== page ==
Date of Graduation


Document Type


Degree Type



Statler College of Engineering and Mineral Resources


Lane Department of Computer Science and Electrical Engineering

Committee Chair

Donald Adjeroh

Committee Co-Chair

Elaine Eschen

Committee Member

James Harner

Committee Member

Arun Ross

Committee Member

Cun-Quan Zhang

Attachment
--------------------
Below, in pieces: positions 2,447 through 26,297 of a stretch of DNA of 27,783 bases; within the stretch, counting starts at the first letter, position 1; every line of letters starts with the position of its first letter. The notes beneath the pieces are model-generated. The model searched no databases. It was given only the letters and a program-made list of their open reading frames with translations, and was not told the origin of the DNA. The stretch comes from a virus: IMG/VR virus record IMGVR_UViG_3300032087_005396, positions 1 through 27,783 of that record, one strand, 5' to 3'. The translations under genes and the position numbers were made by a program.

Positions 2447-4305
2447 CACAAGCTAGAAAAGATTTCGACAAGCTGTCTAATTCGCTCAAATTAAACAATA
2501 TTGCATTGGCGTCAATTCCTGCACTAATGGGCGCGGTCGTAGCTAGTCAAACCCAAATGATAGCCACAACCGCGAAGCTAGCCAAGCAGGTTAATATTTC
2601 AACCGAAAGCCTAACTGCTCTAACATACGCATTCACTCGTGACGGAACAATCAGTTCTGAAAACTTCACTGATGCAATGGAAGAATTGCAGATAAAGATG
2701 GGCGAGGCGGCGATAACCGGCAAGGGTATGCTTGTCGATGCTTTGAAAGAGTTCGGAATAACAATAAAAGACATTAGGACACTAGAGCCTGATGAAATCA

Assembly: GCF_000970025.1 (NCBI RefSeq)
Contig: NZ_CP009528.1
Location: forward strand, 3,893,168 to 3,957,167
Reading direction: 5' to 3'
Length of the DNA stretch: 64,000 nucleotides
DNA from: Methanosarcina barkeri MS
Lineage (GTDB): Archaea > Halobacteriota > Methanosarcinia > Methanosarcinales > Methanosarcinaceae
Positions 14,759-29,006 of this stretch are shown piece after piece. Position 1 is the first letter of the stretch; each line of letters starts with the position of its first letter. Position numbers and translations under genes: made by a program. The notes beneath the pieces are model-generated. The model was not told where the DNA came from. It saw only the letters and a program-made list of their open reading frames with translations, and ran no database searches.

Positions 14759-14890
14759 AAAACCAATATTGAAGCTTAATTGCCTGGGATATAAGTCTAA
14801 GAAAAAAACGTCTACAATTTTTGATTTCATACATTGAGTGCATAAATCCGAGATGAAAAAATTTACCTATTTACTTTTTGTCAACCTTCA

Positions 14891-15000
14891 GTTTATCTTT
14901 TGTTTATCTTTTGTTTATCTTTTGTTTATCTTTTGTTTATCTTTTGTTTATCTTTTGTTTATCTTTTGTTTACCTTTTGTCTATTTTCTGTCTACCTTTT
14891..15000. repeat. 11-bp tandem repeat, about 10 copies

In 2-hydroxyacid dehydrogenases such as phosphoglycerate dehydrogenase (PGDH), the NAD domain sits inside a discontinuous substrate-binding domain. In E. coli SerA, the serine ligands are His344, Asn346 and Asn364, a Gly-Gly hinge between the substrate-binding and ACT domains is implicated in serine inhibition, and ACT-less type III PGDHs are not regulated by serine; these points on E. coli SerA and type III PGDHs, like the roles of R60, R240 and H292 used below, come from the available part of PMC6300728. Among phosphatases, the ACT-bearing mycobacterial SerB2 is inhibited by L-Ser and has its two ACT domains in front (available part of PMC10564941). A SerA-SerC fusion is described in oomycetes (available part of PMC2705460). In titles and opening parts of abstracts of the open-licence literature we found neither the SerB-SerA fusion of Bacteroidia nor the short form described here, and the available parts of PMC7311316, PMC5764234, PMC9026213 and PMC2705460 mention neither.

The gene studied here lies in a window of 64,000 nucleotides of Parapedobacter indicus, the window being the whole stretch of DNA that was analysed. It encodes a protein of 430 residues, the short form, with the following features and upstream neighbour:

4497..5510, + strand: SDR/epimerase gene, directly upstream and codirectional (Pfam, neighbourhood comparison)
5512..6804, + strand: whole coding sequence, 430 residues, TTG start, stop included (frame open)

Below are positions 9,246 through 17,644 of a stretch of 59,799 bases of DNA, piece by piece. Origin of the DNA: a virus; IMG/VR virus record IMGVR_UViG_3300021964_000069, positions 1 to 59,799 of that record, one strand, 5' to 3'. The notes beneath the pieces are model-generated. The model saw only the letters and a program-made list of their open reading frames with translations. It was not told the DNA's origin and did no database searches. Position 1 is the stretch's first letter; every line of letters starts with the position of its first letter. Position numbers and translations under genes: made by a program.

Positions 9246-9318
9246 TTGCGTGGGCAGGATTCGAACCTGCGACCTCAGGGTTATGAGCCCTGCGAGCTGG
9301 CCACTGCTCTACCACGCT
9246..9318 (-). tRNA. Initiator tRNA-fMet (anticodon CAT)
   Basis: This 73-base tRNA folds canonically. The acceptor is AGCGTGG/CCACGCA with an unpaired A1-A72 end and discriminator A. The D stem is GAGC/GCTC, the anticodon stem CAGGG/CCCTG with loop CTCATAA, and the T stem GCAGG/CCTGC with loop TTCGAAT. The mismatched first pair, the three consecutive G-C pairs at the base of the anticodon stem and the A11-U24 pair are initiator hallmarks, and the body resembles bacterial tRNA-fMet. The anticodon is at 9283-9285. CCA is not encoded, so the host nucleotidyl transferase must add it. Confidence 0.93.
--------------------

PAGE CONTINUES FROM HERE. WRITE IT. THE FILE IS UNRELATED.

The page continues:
Human metrological features generally refers to geometric measurements extracted from humans, such as height, chest circumference or foot length. Human metrology provides an important soft biometric that can be used in challenging situations, such as person classification and recognition at a distance, where hard biometric traits such as fingerprints and iris information cannot easily be acquired. In this work, we first study the question of predictability and correlation in human metrology. We show that partial or available measurements can be used to predict other missing measurements. We then investigate the use of human metrology for the prediction of other soft biometrics, viz. gender and weight. The experimental results based on our proposed copula-based model suggest that human body metrology contains enough information for reliable prediction of gender and weight. Also, the proposed copula-based technique is observed to reduce the impact of noise on prediction performance. We then study the question of whether face metrology can be exploited for reliable gender prediction. A new method based solely on metrological information from facial landmarks is developed. The performance of the proposed metrology-based method is compared with that of a state-of-the-art appearance-based method for gender classification. Results on several face databases show that the metrology-based approach resulted in comparable accuracy to that of the appearance-based method. Furthermore, we study the question of person recognition (classification and identification) via whole body metrology. Using CAESAR 1D database as baseline, we simulate intra-class variation with various noise models. The experimental results indicate that given enough number of features, our metrology-based recognition system can have promising performance that is comparable to several recent state-of-the-art recognition systems. We propose a non-parametric feature selection methodology, called adapted k-nearest neighbor estimator, which does not rely on intra-class distribution of the query set. This leads to improved results over other nearest neighbor estimators (as feature selection criteria) for moderate number of features. Finally we quantify the discrimination capability of human metrology, from both individuality and capacity perspectives. Generally, a biometric-based recognition technique relies on an assumption that the given biometric is unique to an individual. However, the validity of this assumption is not yet generally confirmed for most soft biometrics, such as human metrology. In this work, we first develop two schemes that can be used to quantify the individuality of a given soft-biometric system. Then, a Poisson channel model is proposed to analyze the recognition capacity of human metrology. Our study suggests that the performance of such a system depends more on the accuracy of the ground truth or training set.